In the waning words of Voltaire’s epic novel Candide, the title character, after many adventures and lessons learned that brought her through three continents and a ton of misery and disaster, said simply to conclude: “let us cultivate our garden” (Voltaire, p.167). Candide learns just the opposite early on in the novel. Her professor, Dr. Pangloss, an expert in “metaphysico-theologico-cosmolo-nigology (Voltaire, p.2),” teaches optimism to the class, saying that they live in the ‘best of all worlds,’ and that ‘all is for the best’ (Voltaire, p.6). In essence, the power of positive thinking will do wonders. Well, after shifting through three continents worth of adventures, and witnessing some of the worst historic tragedies of the day, Candide shies away from Dr. Pangloss’ optimism, as positive thinking is great, but without action, nothing gets accomplished. Correcting her old professor, she concludes that it is best to work on one’s own garden.
What does it mean to cultivate our own garden? Should we get out the garden gloves and shovel? Is it time to go to the Home Depot? In this author’s opinion, no. Cultivating one’s garden means simply to put yourself selflessly first above all others.
I can hear the naysayers: “Selflessly first? That sounds like an oxymoron if I’ve ever heard one!” But it does make sense once you get down to it. Let’s think about this for a minute through an example:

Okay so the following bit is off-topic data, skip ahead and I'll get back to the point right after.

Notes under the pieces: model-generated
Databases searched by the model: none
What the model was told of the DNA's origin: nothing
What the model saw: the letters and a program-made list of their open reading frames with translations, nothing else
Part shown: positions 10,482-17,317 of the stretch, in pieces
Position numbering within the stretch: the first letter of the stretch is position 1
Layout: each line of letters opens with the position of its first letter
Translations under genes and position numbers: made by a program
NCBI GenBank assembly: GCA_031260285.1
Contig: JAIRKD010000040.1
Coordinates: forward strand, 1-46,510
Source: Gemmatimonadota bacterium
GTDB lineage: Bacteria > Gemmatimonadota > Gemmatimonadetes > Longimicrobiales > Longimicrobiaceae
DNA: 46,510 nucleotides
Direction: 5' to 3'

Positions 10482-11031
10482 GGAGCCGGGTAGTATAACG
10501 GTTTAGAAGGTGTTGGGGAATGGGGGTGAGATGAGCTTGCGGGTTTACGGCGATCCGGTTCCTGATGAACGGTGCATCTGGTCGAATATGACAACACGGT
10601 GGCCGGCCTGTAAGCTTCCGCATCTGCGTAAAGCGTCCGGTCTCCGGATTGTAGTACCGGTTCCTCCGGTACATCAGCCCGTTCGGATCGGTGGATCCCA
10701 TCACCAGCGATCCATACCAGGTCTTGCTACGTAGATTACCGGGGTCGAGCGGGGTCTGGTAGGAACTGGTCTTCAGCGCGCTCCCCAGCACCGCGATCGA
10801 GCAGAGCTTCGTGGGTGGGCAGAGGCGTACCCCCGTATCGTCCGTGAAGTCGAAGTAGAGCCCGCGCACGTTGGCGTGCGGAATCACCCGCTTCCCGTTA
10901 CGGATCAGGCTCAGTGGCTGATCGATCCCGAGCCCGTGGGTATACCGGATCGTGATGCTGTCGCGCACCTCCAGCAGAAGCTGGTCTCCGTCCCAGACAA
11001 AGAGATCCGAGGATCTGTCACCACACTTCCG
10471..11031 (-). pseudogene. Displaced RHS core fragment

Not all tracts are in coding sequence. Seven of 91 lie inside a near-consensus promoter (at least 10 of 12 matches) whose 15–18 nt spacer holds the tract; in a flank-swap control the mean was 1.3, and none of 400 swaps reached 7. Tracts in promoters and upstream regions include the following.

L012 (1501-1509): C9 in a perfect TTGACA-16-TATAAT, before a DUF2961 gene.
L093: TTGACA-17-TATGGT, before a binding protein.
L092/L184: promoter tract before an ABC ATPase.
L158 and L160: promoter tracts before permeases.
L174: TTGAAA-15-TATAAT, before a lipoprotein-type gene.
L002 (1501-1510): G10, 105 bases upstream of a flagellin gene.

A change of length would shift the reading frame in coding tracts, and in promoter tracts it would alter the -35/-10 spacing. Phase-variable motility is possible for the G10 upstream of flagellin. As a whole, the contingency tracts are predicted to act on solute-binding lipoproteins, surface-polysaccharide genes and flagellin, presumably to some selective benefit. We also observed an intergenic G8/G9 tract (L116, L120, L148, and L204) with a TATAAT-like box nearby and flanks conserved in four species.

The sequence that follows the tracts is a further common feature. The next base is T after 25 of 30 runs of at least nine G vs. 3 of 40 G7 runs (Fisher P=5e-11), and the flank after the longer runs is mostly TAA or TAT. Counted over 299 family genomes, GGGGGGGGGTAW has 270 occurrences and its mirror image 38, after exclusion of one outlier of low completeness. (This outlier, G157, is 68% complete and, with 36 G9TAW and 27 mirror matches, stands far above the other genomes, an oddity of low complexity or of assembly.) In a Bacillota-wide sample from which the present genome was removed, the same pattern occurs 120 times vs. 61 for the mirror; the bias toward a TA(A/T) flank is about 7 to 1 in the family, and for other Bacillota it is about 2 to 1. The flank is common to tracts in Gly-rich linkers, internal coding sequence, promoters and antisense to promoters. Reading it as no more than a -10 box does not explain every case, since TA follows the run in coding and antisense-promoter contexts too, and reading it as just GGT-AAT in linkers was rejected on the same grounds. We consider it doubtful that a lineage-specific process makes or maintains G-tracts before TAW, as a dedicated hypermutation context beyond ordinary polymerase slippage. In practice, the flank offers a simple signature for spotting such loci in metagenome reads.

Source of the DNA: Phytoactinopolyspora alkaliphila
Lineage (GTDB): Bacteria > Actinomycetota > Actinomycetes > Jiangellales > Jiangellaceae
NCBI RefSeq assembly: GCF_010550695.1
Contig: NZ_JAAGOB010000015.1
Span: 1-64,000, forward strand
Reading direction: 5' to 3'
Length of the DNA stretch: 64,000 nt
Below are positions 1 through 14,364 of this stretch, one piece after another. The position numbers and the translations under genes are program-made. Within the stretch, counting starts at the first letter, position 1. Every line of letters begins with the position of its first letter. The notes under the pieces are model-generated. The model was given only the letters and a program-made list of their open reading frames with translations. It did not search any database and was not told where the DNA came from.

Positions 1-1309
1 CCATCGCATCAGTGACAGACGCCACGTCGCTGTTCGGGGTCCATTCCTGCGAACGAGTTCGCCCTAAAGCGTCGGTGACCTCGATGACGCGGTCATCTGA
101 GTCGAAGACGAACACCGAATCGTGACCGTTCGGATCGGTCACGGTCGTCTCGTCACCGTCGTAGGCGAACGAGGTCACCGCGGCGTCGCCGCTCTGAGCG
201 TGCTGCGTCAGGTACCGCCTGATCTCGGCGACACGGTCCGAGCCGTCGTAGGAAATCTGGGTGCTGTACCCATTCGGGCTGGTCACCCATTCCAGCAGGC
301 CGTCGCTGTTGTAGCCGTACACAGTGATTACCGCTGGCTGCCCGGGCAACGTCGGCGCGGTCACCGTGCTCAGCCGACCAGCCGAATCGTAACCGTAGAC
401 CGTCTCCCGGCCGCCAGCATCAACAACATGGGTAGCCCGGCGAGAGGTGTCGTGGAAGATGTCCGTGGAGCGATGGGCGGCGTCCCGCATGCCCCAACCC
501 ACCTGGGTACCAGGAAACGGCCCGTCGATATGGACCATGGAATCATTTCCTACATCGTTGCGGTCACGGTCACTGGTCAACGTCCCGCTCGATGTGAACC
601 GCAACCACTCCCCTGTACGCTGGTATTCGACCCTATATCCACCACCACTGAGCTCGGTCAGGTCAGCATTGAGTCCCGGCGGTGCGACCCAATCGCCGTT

Let’s say you work two jobs and at least 60 hours/week.
You gain money, and a fair amount of it at that, every paycheck. Let’s say that you then go out and blow it on liquor, strip clubs, and movie concessions. You are negatively selfish here because you worked all these hours (whether you enjoyed them or not) to earn money that you can spend on yourself.
Sometimes you probably find that there is more month at the end of the money (probably because you’ve spent it on yourself), and you have to ask a friend for a loan. Temporarily, you are fulfilled (maybe ‘pacified’ is a better word), but at the end of the day, you haven’t helped anyone but yourself. Worse, you’ve become a financial burden to a friend or family member. This is true selfishness, and one that has become the norm in our society, sadly.
Let’s take another scenario:
You work the same amount of hours, and then go out and spend it on violin lessons, Spanish courses, buying a few round for friends, and donating to charity. You are still doing things for yourself, as they all make you feel good, but now you are doing productive activities – things that are pleasant and meaningful for a civilized society. You then go on to teach others what you have learned, thus propagating these skill sets. In the bigger picture, yes, you are being selfish, because you enjoy what you do, but you are also serving the greater good, one of the most selfless things you can do.
By being independent for yourself, you are also not a burden for anyone else. You’re not the responsibility of anyone else but yourself. You are accountable for all of your actions, not someone else. By being yourself and cultivating your own garden, by extracting the weeds, by letting good, useful flowers grow, you are doing one of the most selfless things on this planet: being independent.
See? There are advantages to putting yourself first, if only you stop thinking about yourself.